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Recent Cases & New Laws. Terminal Objective Upon completion of this module, the participant will be able to discuss recent cases and new law pertaining.

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Presentation on theme: "Recent Cases & New Laws. Terminal Objective Upon completion of this module, the participant will be able to discuss recent cases and new law pertaining."— Presentation transcript:

1 Recent Cases & New Laws

2 Terminal Objective Upon completion of this module, the participant will be able to discuss recent cases and new law pertaining to school safety and security.

3 Enabling Objectives  Discuss recent lawsuits related to school safety  Identify legal issues in recent lawsuits related to school safety  Identify the requirements of HB 1386  Discuss the legality of background checks of campus visitors  Discuss the usage of Miranda warnings in a school setting  Discuss whether a school has a “special relationship” with students for due process purposes  Discuss the First Amendment rights of elementary students  Discuss the legality of suspending and reassigning a student for “hacking” into campus computers  Discuss the legality of searches based on reasonable suspicion in a school setting

4 Mother Sues District for Failure to Protect Son from Bullying A mother in Leander has sued the school district for failing to protect her son from bullying that began in middle school. Her son, now 20 years old, has Asperger’s syndrome. The mother alleges that the bullying was so severe that her son became suicidal in middle school and was hospitalized. Although he graduated in 2011, he still sees a counselor and has been diagnosed with PTSD. Leah Patrick with her son, Taylor

5 Bullying Suit This case was just filed in early 2012, no decision as of August Since that time, 3 other bullying lawsuits have been filed against Leander ISD.  All states receiving federal education funds under the Individuals with Disabilities Education Act must comply with federal requirements to provide a “free appropriate public education” for all disabled children.  The Fifth Circuit Court of Appeals (which has jurisdiction over Texas) has not directly addressed this issue.  In a New York case, another federal court held that if bullying is likely to affect the opportunity for a disabled student to receive an appropriate education, the school must take prompt and appropriate action.

6 Bullying Suit So? School districts that violate these anti-discrimination laws can face the loss of federal funding, plus damages and attorney fees. That gets expensive. It’s a lot cheaper for districts to be proactive in dealing with allegations of peer harassment and bullying. What can WE do? document everything  Separate students, investigate complaints, interview students, take written statements, meet with parents, report the incident through proper channels – and document everything

7 Suicide Prevention Suicide prevention is now part of your job description! The 82 nd Texas Legislature enacted HB 1386, which requires the Dept. of Health and TEA to provide a list of early mental health intervention and suicide prevention programs for implementation in schools. Each school must select a program from this list!

8 Suicide Prevention In addition, the programs on the list must include provisions for training counselors, teachers, nurses, administrators and other staff, including law enforcement officers who regularly interact with students to:  Recognize students at risk of committing suicide, including victims of bullying;  Recognize early warning signs; and  Intervene effectively by providing notice and referral to a parent/guardian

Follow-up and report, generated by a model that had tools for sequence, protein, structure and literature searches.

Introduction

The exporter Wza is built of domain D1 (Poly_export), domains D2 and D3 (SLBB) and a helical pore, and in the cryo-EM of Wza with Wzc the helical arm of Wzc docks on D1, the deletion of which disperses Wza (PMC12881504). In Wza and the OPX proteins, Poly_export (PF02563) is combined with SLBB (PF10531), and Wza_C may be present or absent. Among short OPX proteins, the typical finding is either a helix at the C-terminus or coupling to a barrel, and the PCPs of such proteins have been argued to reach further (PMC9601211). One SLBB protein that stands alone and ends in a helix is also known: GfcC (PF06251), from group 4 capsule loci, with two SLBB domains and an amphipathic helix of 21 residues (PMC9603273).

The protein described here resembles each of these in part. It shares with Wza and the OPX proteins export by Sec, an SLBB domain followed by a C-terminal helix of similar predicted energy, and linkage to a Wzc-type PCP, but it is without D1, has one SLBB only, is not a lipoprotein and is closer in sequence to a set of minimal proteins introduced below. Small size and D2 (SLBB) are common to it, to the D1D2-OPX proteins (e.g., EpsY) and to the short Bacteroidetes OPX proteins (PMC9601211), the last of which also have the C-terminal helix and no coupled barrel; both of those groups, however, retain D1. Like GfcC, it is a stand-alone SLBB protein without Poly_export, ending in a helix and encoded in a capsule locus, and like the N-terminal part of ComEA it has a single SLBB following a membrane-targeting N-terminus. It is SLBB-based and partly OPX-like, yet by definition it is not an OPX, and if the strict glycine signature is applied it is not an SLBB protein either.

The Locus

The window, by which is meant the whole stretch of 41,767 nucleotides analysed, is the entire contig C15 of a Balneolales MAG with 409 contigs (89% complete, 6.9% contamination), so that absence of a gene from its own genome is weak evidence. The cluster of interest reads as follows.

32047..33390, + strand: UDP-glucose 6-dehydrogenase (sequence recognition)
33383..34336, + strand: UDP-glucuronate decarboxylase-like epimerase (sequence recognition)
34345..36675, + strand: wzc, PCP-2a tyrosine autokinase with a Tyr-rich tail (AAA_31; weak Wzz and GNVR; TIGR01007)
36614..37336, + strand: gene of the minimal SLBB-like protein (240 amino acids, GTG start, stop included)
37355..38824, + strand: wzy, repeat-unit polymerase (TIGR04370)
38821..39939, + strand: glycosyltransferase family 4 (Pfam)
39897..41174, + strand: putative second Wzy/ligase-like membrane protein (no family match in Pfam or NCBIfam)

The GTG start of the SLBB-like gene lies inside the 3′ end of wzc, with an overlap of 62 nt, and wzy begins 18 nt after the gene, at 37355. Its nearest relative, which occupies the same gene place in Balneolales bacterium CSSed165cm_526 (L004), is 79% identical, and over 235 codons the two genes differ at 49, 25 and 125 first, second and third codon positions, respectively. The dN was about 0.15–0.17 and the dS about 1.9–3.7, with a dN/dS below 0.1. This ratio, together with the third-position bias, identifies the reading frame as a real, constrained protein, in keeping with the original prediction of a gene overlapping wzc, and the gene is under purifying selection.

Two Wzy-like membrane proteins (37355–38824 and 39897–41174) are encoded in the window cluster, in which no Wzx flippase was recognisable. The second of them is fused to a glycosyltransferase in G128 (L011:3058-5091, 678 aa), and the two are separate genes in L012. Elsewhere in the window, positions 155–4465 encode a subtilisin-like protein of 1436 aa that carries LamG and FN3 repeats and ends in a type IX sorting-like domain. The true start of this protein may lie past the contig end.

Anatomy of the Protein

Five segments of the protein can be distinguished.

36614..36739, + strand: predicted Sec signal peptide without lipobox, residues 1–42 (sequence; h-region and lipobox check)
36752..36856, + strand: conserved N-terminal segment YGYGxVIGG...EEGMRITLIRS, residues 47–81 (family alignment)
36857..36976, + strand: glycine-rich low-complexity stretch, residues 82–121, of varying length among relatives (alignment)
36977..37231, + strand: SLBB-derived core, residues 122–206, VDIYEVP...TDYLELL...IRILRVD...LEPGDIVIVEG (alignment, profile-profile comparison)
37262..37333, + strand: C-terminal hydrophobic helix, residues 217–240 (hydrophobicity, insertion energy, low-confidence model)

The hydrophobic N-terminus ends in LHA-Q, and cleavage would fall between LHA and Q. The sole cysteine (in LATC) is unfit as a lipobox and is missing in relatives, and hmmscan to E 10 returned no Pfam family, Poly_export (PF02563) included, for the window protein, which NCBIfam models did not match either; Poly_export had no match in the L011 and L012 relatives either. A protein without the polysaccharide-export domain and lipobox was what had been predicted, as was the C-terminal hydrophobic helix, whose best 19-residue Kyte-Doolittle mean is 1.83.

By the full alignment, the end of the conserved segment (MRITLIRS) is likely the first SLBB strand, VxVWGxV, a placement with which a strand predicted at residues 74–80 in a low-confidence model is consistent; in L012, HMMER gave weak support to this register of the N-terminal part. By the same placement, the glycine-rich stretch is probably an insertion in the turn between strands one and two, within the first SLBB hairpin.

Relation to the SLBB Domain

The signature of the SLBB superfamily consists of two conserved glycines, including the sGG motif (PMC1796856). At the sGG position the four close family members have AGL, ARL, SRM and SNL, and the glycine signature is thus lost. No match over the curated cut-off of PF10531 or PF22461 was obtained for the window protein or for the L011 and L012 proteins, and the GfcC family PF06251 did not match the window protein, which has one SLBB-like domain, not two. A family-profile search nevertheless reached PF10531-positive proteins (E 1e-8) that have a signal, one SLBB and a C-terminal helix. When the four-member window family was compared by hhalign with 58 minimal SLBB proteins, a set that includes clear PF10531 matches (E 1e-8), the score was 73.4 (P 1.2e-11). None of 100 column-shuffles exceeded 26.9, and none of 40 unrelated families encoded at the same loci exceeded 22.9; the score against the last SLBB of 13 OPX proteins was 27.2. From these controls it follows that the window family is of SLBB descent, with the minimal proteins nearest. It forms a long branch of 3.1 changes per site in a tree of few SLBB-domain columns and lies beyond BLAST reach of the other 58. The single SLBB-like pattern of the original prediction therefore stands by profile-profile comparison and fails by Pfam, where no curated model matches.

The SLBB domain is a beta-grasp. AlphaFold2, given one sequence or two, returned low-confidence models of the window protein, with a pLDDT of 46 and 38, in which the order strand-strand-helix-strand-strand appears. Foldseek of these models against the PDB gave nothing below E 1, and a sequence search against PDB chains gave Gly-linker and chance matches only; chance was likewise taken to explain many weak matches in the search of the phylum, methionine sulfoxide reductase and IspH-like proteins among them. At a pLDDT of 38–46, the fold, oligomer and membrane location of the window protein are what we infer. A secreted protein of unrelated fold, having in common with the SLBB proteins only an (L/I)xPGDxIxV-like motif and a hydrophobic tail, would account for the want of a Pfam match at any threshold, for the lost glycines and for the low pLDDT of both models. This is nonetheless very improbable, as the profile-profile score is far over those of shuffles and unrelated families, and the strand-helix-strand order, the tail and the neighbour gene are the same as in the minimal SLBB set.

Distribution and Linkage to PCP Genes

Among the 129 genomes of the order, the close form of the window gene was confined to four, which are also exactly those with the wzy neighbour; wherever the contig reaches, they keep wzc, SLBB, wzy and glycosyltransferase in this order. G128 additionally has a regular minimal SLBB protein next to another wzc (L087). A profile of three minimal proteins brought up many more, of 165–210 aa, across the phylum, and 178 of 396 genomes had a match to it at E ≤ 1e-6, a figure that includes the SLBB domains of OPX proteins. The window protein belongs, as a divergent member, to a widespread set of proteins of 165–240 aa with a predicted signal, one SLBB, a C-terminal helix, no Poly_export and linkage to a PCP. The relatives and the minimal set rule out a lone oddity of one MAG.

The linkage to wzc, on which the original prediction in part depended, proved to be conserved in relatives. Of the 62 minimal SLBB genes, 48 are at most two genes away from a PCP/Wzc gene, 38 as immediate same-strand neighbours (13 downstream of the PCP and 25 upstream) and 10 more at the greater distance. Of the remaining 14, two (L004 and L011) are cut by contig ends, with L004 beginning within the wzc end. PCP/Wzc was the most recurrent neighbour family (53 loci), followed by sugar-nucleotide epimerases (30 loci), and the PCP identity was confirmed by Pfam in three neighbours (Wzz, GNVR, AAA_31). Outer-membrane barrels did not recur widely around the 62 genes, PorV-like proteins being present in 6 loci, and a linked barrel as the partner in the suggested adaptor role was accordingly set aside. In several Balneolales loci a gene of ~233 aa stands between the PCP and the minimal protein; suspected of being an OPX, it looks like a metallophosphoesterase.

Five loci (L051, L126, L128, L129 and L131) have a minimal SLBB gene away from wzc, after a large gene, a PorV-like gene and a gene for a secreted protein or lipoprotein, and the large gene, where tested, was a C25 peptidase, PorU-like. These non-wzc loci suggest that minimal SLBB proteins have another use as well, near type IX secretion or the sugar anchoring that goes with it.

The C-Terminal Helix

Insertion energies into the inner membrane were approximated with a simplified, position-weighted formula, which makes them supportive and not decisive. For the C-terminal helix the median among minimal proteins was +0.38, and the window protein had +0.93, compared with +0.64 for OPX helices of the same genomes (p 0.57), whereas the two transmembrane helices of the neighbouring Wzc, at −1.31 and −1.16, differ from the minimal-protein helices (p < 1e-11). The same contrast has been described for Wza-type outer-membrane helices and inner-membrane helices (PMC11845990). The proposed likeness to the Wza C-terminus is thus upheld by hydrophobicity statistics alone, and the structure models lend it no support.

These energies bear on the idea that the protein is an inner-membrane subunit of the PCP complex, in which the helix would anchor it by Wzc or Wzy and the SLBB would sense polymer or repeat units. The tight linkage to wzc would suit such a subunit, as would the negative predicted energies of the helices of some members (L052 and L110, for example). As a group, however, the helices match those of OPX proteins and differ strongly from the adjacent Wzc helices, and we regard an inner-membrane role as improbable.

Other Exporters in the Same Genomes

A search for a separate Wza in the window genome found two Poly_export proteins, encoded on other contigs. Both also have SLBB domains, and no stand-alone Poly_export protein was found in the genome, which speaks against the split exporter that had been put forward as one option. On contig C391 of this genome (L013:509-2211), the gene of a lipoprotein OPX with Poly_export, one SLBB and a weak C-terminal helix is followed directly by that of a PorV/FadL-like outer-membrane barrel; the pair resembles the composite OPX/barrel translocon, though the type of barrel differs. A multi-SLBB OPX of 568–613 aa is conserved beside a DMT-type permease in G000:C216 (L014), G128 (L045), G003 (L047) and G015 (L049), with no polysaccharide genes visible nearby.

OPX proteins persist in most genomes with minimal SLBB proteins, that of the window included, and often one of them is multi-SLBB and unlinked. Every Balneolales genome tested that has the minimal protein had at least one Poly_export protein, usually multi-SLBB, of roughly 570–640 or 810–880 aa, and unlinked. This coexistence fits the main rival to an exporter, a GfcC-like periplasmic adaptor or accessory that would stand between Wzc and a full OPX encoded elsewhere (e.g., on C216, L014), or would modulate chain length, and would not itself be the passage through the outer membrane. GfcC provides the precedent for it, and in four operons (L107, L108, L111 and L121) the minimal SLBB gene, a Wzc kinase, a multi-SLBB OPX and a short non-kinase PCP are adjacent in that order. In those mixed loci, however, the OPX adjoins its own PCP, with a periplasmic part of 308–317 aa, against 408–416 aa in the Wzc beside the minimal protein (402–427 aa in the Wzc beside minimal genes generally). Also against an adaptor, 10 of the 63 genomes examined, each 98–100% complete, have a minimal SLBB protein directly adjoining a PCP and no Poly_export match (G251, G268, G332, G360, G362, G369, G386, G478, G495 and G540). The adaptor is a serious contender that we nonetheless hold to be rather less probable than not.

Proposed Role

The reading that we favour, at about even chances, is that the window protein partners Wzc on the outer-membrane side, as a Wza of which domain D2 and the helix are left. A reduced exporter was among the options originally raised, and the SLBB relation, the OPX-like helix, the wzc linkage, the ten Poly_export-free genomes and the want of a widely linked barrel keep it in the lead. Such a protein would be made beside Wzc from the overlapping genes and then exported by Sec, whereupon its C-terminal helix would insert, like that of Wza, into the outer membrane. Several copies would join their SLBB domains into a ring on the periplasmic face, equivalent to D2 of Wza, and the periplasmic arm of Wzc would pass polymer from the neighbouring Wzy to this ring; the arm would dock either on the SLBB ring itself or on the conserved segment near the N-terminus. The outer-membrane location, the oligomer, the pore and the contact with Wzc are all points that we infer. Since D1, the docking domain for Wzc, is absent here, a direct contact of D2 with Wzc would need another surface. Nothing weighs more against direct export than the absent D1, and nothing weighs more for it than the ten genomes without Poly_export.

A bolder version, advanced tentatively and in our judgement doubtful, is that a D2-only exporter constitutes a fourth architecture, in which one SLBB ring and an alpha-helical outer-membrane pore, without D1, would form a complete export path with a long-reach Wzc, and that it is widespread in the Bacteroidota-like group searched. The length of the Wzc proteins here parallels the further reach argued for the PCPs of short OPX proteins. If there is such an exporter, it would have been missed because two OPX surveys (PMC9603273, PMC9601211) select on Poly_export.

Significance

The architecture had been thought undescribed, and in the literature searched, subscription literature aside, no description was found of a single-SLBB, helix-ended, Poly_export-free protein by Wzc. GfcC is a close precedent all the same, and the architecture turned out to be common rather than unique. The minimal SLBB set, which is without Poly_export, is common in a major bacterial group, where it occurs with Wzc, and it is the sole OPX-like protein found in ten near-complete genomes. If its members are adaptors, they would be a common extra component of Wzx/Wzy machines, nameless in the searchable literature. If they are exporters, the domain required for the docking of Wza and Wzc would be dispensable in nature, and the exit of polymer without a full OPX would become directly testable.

9 Background Checks of Campus Visitors The Fifth Circuit upheld Lake Travis ISD policy requiring background checks of visitors to campus. A sex offender had gained access to Bee Caves Elementary and exposed himself to a student. The district began requiring visitors to present an ID to run through V-Soft Raptor System to determine if the visitor was a sex offender.

10 J.D.B. v. North Carolina (2011) In June, 2011, the US Supreme Court heard a case in which a 13-year- old student was questioned by two school police officers and school officials about two home break-ins in the neighborhood. The student eventually confessed. The issue was whether the evidence obtained during the interrogation was admissible. What other facts do you need to know? The child was not advised of his Miranda rights and was not allowed to call his guardian. Courts have long held that students questioned by school officials for violating school rules, or even potential criminal offenses, are not afforded the same protections against self-incrimination as if they were questioned away from school by law enforcement. Schools are not bound by Miranda. HOWEVER…

11 J.D.B. v. North Carolina (2011) …The SRO involved was a sworn, uniformed peace officer. The Court doesn’t directly address this issue, but its decision indicates that an SRO is not a school official but is rather a law enforcement official in the context of performing his/her duties at school with students. In this case, the Court held that a child’s age is relevant to whether a suspect has been taken into custody because it affects how a reasonable person would perceive his or her freedom to leave. “It is beyond dispute that children will often feel bound to submit to police questioning when an adult in the same circumstances would feel free to leave.”

12 Doe v. Covington County School District (2012) The Fifth Circuit Court (TX, LA, MS) – in this case, a man signed a 9- year-old girl out of school on six occasions, raped her, and returned her to school. The girl’s family sued the district, alleging that the school violated the girl’s rights through deliberate indifference to her safety by never checking her “Permission to Check Out” form or requesting identification from the rapist. The court, while outraged at the school’s role, dismissed the suit. They found that the student had no constitutional guarantee of protection under the circumstances. Due process requires the government to protect citizens if there is a “special relationship” – like for patients committed to a state mental institution. But public schools don’t have this special relationship with students because the students aren’t held there against their will.